Mounting harassment of journalists poses threat to media freedom in eastern Sri Lanka

Journalists in Sri Lanka’s ethnically diverse eastern province, reporting racial tensions intensified by acts of politicians, are finding it increasingly difficult to carry on with their duties due to ongoing intimidation.

This week, a leading activist of the Batticaloa Press Club (BPC) was interrogated by police about coverage of the rising concerns of Tamil dairy farmers following the recent handing over of traditional grazing lands to Sinhala cultivators. Another was given a telephoned by a senior police officer to record a statement. The state minister responsible for the development of journalists had called for a ban on journalists covering official meetings in the district.

A team of police officers visited BPC Secretary Selvakumar Nilanthan at his home after he reported of tensions between farmers of the two communities.

Governor's promise

The land in Mailaththamadu, Mathavanai had been allocated to recently settled Sinhala farmers for corn cultivation by the newly appointed Eastern Province Governor Anuradha Yahampath depriving Tamil farmers of their access to grazing land. The governor, who entered into active politics with her association with the hard line Sinhala nationalist group National Movement Against Terrorism (NMAT) in the mid-90s, is a leading member of the Sinhala Buddhist think tank ‘Viyath Maga’ (Path of Professionals) that provided Gotabaya Rajapaksa with a platform to launch his successful campaign to become the president.

The governor had visited the disputed land with a camera crew and promised a settlement.

Tamil farmers protesting the landgrab have been highly critical of ruling party parliamentarian Sathasivam Vyalendiran from Batticaloa, who is the state minister for promotion of domestic animal husbandry as well as professional development of journalists.

Following media coverage of the protest, Batticaloa Journalist Nilanthan had been grilled for over one and a half hours by four policemen who visited him at his home on 16 November. He had been asked to provide names of other colleagues who covered the grassland dispute and details of websites that publish his reports. The cops from the Eravur police station had incessantly questioned whether those news sites had any association with the Tamil diaspora.

Banning journalists

A few days before the visit, BPC President Balasingham Krishnakumar had received a telephone call from the Batticaloa Superintendent of Police saying that they wanted to record a statement. The officer who phoned had not made the reason clear.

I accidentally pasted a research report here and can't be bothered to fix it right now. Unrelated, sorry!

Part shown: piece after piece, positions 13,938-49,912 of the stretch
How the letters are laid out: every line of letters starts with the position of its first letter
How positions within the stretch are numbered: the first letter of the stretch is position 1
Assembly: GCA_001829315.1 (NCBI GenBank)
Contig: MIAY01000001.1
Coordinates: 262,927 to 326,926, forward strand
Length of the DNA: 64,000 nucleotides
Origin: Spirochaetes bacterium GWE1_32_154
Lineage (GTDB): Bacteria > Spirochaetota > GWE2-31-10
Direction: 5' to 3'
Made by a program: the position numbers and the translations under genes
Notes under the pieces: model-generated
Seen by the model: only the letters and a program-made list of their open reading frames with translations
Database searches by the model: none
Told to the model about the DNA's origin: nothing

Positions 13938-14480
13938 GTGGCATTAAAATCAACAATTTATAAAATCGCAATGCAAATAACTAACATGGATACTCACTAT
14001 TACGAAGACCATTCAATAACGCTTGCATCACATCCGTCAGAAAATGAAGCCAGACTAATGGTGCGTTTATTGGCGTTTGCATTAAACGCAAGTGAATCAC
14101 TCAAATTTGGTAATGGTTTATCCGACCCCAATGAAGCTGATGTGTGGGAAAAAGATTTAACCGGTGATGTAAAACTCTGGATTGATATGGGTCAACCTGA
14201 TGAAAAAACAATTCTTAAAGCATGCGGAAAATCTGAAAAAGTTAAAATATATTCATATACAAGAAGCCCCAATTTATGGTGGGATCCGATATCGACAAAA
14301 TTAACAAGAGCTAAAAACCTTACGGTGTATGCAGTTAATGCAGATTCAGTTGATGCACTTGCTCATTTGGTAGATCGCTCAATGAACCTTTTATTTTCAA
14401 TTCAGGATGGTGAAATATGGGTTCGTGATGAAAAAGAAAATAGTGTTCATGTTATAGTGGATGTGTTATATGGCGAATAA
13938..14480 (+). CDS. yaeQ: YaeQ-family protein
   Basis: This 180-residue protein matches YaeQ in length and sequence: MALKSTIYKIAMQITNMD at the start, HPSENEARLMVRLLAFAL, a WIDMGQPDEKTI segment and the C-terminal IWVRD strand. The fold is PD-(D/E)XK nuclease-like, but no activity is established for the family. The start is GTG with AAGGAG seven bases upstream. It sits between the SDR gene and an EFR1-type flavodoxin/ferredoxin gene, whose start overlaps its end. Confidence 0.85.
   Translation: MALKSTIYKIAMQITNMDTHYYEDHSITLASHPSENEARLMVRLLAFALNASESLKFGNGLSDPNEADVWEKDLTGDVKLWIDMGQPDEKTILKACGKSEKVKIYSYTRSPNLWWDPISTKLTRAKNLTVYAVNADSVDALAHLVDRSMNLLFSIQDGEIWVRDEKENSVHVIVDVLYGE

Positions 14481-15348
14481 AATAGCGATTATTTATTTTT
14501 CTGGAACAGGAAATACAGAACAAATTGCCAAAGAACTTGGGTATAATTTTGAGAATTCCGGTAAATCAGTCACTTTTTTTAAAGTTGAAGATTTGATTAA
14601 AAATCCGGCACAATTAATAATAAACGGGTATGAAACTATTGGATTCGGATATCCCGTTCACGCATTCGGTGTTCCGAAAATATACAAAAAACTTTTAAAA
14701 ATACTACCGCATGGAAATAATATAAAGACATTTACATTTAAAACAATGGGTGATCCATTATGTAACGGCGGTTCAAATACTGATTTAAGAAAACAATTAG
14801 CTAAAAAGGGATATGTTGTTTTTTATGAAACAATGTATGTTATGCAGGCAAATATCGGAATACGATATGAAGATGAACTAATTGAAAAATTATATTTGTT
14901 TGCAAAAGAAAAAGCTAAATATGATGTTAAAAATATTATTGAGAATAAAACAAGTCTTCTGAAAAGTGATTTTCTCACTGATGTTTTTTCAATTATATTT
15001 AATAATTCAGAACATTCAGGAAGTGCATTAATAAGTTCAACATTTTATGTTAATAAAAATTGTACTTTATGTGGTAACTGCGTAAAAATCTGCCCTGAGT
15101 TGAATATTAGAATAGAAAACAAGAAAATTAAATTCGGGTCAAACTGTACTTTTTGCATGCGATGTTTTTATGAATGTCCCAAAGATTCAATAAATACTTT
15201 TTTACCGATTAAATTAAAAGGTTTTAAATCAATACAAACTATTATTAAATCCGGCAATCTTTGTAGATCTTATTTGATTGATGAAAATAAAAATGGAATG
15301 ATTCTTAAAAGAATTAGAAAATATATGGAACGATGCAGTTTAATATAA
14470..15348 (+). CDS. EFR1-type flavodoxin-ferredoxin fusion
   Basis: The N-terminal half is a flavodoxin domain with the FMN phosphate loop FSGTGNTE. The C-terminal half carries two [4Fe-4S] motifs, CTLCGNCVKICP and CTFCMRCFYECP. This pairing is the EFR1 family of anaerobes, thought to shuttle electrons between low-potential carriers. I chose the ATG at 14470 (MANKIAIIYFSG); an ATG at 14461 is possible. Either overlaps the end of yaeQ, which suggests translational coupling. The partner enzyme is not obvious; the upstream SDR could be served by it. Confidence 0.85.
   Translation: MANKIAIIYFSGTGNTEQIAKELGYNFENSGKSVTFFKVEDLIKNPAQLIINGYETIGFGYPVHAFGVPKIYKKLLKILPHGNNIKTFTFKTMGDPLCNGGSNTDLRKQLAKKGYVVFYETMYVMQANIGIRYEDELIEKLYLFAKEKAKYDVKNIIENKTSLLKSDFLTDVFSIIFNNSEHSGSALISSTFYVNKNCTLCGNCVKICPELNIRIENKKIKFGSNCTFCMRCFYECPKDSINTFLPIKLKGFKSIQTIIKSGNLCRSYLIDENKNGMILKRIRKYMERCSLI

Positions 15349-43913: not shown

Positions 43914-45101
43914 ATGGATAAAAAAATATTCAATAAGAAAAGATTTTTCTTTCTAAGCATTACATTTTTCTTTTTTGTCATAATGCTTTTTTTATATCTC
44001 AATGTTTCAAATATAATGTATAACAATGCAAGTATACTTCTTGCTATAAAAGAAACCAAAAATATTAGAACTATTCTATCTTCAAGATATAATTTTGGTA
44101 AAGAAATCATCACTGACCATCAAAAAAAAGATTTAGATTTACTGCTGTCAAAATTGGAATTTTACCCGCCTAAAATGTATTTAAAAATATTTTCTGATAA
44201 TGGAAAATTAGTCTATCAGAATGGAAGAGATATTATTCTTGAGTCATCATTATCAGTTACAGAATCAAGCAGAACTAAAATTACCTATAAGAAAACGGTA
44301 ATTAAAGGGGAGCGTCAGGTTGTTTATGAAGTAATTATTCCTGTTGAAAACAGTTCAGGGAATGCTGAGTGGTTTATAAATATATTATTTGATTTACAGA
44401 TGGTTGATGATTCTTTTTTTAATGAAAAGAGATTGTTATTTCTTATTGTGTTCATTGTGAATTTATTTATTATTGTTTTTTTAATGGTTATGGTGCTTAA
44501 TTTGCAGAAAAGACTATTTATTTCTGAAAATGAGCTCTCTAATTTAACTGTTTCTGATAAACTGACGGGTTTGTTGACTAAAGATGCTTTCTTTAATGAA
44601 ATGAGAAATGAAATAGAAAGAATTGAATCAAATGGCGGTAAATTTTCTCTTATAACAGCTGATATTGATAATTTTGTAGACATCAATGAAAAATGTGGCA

Local journalists are convinced that the police intimidation had been set in motion by the state minister for professional development of journalists.

Earlier, the state minister had wanted a ban on journalists covering the Batticaloa District Development Council (DDC) sessions.

When opposition Tamil National Alliance (TNA) politicians attending the DDC meeting on 13 November requested the return of grazing lands, the presiding eastern province governor had vehemently opposed it leading to a heated exchange.

BPC Treasurer Punnyamoorthy Sasikaran had posted the pandemonium on social media with a headline saying “Today, the Batticaloa district secretariat resembles a fish market”.

Angered by the facebook post. State Minister Viyalendran had urged to ban journalists from covering future DDC meetings.

Later, unverified claims that Sasikaran was sacked, posted allegedly by the minister’s supporters had surfaced on social media. Journalists say that the campaign was launched following the state minister lodging a complaint with Sasikaran’s employer, Maharaja TV. It is not clear what action the media giant had taken.

Death threats

In January, a leaflet carrying death threats against seven BPC activists was publicly available in Batticaloa.

In addition to Selvakumar Nilanthan and Punniyamoorthy Sasikaran, Krishnakumar of Independent Television Network (ITN), Kuharasa Subojan and Nallathambi Nithyananthan of Maharaja Television, Vadivel Shakthivel and Subramaniam Kunalingam of the Thinakkural newspaper had their faces circled in a photograph in the leaflet.

In July, Tamil and Muslim journalists in Batticaloa staged a protest demanding the arrest of police officer Neomal Rangajeewa who manhandled and threatened Sinhala Photojournalist Akila Jayawardena at the Colombo court complex premises.

Neither Inspector of Police Rangajeewa nor the publishers of the death threat had been arrested.



Journalists for Democracy in Sri Lanka

  • JDS is the Sri Lankan partner organization of international media rights group, Reporters Without Borders (RSF). The launching of this website was made possible by the EU’s European Instrument for Democracy and Human Rights (EIDHR), of which Reporters Without Borders is a beneficiary.